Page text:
Monday, February 18, 2008
We Love You, Carol and Alison — Game Theory (1987)
Absence must make the heart grow fonder ... and the wallet thinner. How else does one explain the wads of cash needed to purchase used Game Theory CDs? One seller on Amazon put a $235 pricetag on a CD version of the Sacramento group's 1987 album, Lolita Nation, and from what I've seen in recent years, that's pretty much the going rate.
So how did it come to this?
During their 1982-90 lifespan, Game Theory were a second-division college band whose jangly, psych-tinged pop albums were ignored by the mainstream and inexplicably under-appreciated by the campus-radio crowd. The chances of Game Theory pulling an R.E.M., or a Husker Du, or a Replacements were slim and none. Even fellow Paisley Underground acts The Dream Syndicate and Green on Red had a higher profile. Game Theory should be all but forgotten today except for one thing: Their four Mitch Easter-produced albums were really, really good.
Enigma subsiduary Restless Records originally released the albums on vinyl and CD. But when Enigma was absorbed into Capitol around 1990, the same year Game Theory disbanded, the titles were deleted. The first two albums, Real Nighttime and Big Shot Chronicles, were briefly reissued in the mid-'90s but the last two, Lolita Nation and 2 Steps From The Middle Ages, haven't been available for almost two decades. Considering these four titles weren't big sellers to begin with, used copies are incredibly hard to find and, as such, incredibly expensive.
I keep my eyes peeled on upcoming reissue news in hopes someone, anyone, re-releases the Game Theory catalogue — especially Lolita Nation, a sprawling, two-album set of sublime pop and fractured experimentalism. (Interestingly, that record kicks off with Kenneth, What's The Frequency, a title that might ring a bell with R.E.M. fans.)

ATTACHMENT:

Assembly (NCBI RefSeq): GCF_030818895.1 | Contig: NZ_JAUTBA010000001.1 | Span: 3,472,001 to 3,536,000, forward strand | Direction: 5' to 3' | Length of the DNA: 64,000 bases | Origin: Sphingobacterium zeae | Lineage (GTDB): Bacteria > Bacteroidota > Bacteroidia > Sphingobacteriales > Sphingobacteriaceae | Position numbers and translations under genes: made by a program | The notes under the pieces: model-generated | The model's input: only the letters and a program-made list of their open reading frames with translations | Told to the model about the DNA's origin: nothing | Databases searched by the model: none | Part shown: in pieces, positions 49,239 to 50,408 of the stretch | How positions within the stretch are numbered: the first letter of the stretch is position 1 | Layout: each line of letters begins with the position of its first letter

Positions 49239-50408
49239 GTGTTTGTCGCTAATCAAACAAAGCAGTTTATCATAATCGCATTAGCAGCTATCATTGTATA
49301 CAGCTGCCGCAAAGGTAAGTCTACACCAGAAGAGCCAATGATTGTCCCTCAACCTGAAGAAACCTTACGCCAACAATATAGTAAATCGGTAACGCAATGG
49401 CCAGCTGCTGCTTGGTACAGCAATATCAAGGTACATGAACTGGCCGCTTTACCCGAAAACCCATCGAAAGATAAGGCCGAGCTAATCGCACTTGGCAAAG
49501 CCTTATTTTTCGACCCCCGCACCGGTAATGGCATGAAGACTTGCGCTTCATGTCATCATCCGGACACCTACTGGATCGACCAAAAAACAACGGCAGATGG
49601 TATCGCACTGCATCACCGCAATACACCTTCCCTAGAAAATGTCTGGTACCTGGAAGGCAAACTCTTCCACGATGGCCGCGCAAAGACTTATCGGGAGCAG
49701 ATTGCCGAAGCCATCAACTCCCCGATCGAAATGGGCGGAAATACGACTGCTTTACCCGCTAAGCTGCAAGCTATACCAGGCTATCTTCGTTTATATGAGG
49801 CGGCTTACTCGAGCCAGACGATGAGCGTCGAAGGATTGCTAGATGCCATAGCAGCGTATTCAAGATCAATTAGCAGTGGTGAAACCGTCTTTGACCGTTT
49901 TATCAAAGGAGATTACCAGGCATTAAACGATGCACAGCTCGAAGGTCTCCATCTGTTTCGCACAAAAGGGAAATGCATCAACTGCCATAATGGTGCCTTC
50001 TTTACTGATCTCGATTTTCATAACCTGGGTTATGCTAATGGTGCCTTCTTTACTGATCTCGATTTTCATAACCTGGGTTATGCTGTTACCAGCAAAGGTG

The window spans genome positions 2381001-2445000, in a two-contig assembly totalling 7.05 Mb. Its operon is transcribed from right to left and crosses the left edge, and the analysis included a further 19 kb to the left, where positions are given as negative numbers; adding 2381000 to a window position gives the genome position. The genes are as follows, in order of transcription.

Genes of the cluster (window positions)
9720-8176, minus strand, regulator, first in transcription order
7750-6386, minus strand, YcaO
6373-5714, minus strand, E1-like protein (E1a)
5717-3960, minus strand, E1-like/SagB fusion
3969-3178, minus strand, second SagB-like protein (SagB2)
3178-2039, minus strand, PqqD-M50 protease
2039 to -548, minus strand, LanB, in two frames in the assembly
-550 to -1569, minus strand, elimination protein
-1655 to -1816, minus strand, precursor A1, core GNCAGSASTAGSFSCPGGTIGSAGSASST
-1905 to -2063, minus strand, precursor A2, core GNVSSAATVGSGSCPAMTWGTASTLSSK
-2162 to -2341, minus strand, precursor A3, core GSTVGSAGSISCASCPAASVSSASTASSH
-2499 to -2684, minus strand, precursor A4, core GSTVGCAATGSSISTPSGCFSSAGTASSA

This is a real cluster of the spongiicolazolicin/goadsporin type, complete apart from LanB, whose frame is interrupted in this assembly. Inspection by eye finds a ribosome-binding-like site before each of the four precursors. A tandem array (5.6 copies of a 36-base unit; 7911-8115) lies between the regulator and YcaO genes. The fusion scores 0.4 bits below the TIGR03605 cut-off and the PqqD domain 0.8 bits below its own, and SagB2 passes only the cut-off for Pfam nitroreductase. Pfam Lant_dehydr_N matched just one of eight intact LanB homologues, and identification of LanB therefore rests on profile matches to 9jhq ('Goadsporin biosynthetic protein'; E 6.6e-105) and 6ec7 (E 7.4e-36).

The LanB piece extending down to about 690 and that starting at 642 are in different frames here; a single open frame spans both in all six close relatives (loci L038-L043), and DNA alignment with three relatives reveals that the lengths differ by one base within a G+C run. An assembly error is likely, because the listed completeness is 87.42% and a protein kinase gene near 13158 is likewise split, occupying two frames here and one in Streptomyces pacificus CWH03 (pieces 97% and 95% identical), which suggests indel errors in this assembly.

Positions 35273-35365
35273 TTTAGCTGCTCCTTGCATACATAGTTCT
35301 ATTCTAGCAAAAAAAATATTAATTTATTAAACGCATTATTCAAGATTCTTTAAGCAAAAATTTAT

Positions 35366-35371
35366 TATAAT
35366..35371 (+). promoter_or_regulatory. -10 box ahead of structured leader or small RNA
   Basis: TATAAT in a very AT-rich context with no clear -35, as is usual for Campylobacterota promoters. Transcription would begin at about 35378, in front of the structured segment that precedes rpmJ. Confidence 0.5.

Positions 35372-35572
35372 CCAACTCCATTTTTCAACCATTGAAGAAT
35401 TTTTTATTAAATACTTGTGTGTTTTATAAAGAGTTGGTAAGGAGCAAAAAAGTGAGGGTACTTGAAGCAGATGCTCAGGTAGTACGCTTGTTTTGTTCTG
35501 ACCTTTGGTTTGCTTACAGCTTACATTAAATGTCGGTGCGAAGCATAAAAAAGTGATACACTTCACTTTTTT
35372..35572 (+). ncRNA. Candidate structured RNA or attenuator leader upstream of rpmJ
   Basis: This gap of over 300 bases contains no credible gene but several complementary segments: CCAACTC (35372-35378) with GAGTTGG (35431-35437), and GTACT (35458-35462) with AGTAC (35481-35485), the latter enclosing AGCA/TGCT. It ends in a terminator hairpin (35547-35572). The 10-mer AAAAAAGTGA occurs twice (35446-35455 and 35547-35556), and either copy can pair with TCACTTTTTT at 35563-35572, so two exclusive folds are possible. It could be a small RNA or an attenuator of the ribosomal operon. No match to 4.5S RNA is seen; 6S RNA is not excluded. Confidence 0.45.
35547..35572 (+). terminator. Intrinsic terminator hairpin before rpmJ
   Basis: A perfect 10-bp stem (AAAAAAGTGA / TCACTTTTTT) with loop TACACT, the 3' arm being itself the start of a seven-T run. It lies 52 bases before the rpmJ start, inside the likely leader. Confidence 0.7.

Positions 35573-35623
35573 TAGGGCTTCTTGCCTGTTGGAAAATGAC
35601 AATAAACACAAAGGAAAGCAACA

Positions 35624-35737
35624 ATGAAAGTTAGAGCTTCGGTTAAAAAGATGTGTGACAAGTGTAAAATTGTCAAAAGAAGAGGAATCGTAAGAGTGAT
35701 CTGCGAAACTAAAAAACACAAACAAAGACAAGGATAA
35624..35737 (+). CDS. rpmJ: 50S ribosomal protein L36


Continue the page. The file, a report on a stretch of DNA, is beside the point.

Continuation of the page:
From Lolita Nation, I offer the album's poppiest moment, We Love You, Carol and Alison, which sounds like Easter's band Let's Active with a few added drugs. It's one of my favourite songs from the second half of that decade although I still have no idea what it's about.
Also below is a video of Erica's Word, another poptastic moment, this one from Lolita's predecessor, 1985's Big Shot Chronicles.
Epilogue: After Game Theory's split, singer-guitarist-songwriter Scott Miller founded The Loud Family, which remains active to this day. On the Loud Family website, under the FAQ section, there's a question about future Game Theory reissues. The answer: "It's unlikely there will be a full-scale reissue program in the future but one never knows. By the way, Scott Miller does not own the rights to Game Theory's recordings, so it's not up to him."
We Love You, Carol and Alison (link expired)
And Erica's Word from Big Shot Chronicles:
Buy it, um, nevermind